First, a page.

– Make friends who are also nehiyaw, anishinaabe etc. One is bound to have a kokum who will invite you for supper on the days when you only have one dollar in your bank account- they won’t shame you out for it AND you’ll most likely leave with containers of food.

– You can still reach your goals, even if you fail that English class three times. But you won’t need that information from that class in the long run, as much as they would like you to believe.

– Frybread is not traditional food. Neither is spam. Or poutine at the powwow. Enjoy it, but do your best to find a balance.

– Remember that following indigenous systems for a successful future is not an “alternative” option, nor is it an unlikely means to a positive outcome. It is revolutionary, and necessary, in order for our people to survive. Do your best to prioritize this success over colonial success.

– You do not need to obey colonialism, colonial systems, or the colonizer in order to advance in life. Colonially misbehave and defy the colonizer daily. But also keep in mind of outcomes. Weigh out which outcomes you are willing to meet when you disobey the fundamentals of colonialism. 

– Colonialism and academia are not always correct. You have every right to disagree and argue against both, whenever you want.

– When being followed in stores, if and when you can, film the person following you. Do not allow them to “make” you feel threatened, no one has the power to make you feel anything. Call them out and have a safety plan if things escalate. You have a right to shop in stores without being stereotyped and followed.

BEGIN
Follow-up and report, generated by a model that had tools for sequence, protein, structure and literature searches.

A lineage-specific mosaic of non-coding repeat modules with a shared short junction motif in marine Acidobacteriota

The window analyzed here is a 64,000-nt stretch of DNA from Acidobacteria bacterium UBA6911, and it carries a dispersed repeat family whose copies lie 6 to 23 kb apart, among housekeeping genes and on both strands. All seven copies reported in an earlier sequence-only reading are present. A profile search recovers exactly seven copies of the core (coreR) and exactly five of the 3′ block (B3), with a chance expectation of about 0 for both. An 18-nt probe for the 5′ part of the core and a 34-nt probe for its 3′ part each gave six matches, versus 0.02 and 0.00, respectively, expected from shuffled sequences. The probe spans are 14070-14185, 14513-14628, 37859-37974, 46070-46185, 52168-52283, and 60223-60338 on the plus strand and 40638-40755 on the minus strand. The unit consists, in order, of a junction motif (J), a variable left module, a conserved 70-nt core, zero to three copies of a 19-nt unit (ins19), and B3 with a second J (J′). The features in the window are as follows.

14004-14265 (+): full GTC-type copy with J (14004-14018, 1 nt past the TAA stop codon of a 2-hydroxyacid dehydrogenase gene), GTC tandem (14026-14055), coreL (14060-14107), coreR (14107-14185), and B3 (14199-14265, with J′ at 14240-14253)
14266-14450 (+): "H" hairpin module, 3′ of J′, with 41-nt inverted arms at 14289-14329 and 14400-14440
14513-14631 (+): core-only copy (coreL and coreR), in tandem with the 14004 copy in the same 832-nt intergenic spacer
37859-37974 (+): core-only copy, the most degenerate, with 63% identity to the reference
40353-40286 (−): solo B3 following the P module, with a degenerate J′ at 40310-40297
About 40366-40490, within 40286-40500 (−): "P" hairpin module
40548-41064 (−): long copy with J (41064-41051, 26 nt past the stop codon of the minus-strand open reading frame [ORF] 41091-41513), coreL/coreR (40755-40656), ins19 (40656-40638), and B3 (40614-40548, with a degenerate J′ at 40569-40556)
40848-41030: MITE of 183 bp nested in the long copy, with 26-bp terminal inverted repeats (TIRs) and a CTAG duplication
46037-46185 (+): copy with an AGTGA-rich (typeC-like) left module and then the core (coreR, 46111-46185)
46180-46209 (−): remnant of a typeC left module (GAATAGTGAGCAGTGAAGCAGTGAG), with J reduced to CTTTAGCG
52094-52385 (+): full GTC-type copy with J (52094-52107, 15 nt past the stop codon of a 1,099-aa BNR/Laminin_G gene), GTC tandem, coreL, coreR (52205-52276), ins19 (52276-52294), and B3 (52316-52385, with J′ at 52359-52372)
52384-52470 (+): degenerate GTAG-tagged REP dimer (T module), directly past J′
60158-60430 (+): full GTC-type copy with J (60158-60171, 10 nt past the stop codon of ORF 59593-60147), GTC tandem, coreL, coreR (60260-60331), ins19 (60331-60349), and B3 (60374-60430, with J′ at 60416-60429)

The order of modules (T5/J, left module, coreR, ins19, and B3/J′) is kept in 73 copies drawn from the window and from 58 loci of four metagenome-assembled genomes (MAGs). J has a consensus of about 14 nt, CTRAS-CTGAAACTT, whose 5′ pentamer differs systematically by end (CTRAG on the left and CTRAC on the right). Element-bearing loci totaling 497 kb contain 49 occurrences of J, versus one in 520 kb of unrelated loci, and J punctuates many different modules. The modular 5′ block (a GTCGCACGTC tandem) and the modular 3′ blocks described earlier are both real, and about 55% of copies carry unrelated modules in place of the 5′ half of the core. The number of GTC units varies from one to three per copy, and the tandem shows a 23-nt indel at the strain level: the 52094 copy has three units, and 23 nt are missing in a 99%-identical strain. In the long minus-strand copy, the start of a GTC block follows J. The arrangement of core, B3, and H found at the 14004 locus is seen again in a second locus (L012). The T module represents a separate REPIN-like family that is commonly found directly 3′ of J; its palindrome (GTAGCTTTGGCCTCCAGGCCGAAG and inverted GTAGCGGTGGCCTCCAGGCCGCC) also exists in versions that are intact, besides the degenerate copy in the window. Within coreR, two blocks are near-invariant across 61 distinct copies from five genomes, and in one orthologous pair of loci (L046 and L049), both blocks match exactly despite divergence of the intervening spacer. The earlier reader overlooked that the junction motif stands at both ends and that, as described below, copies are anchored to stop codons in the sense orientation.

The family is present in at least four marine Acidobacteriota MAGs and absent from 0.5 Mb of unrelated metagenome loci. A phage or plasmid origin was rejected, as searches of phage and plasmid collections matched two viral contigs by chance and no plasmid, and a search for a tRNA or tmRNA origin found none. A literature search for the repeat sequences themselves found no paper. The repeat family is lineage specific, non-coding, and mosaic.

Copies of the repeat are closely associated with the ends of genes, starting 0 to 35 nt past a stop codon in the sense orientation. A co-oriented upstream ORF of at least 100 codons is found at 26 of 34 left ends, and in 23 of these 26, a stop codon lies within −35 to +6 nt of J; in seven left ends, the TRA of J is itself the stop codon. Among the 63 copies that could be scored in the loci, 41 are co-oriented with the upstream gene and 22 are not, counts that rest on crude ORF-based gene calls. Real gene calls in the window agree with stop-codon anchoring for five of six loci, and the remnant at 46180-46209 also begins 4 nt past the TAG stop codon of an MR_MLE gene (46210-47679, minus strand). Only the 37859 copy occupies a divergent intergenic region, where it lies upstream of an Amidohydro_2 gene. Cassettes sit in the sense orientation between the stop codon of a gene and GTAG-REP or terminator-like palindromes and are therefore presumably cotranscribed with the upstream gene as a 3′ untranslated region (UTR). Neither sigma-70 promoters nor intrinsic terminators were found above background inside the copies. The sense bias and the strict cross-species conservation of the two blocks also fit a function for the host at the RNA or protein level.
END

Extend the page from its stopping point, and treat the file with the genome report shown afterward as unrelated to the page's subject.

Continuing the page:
– Remember that a certificate, diploma, degree, or doctorate does not make you who you are. It is something to be proud of, something to celebrate, a victory even. However, also remember that colonialism has trained us to believe that their way is the only way to reach success. It’s not the only way. Living with Indigenous systems is a route to success. Living with the land, nourishing your family, and healing the community is a route to success. 

– Ultimately being proud of who you are and where you come from as an Indigenous person, is an example of life-long success. 

And lastly, to the indigenous young people attending colonial academia: you are the most feared weapon against colonialism. When you disobey colonial systems, you disobey assimilation and generations of attempts of genocide. When you disobey and do not accept colonialism, you disobey and do not accept forced relocation, violence against indigenous women and the lands, indigenous communities without safe drinking water, shelter, and/or the ability to practice food sovereignty, corruption, patriarchy, misogyny, lateral violence, nepotism, and every other symptom of colonization within our people.

To the indigenous young people attending colonial academia: do not give up in the face of colonialism and remember, colonialism will never have the power to define who you are and where you come from, and that in itself makes you the most powerful, and successful, peoples on these lands.

Be revolutionary. Stand liberated. And never apologize in the face of colonialism.

To the Iskwesis/Young Ones with Brown Skin:

A reminder to all the kwezens/iskwesis and young ones with brown skin,

You no longer need to be on the brink of critical mental health crisis due to the struggle and battle against colonial systems and oppression.

You no longer need to be in deep pits of anxiety attacks, exhaustion and depression due to the constant battle against misogynistic morales and indigenous men and women fighting them like the colonizer themselves.

You no longer need to get exhausted, angry, and even physically sick for attempting to fight and dismantle patriarchy, colonialism, misogyny, oppression, and injustice.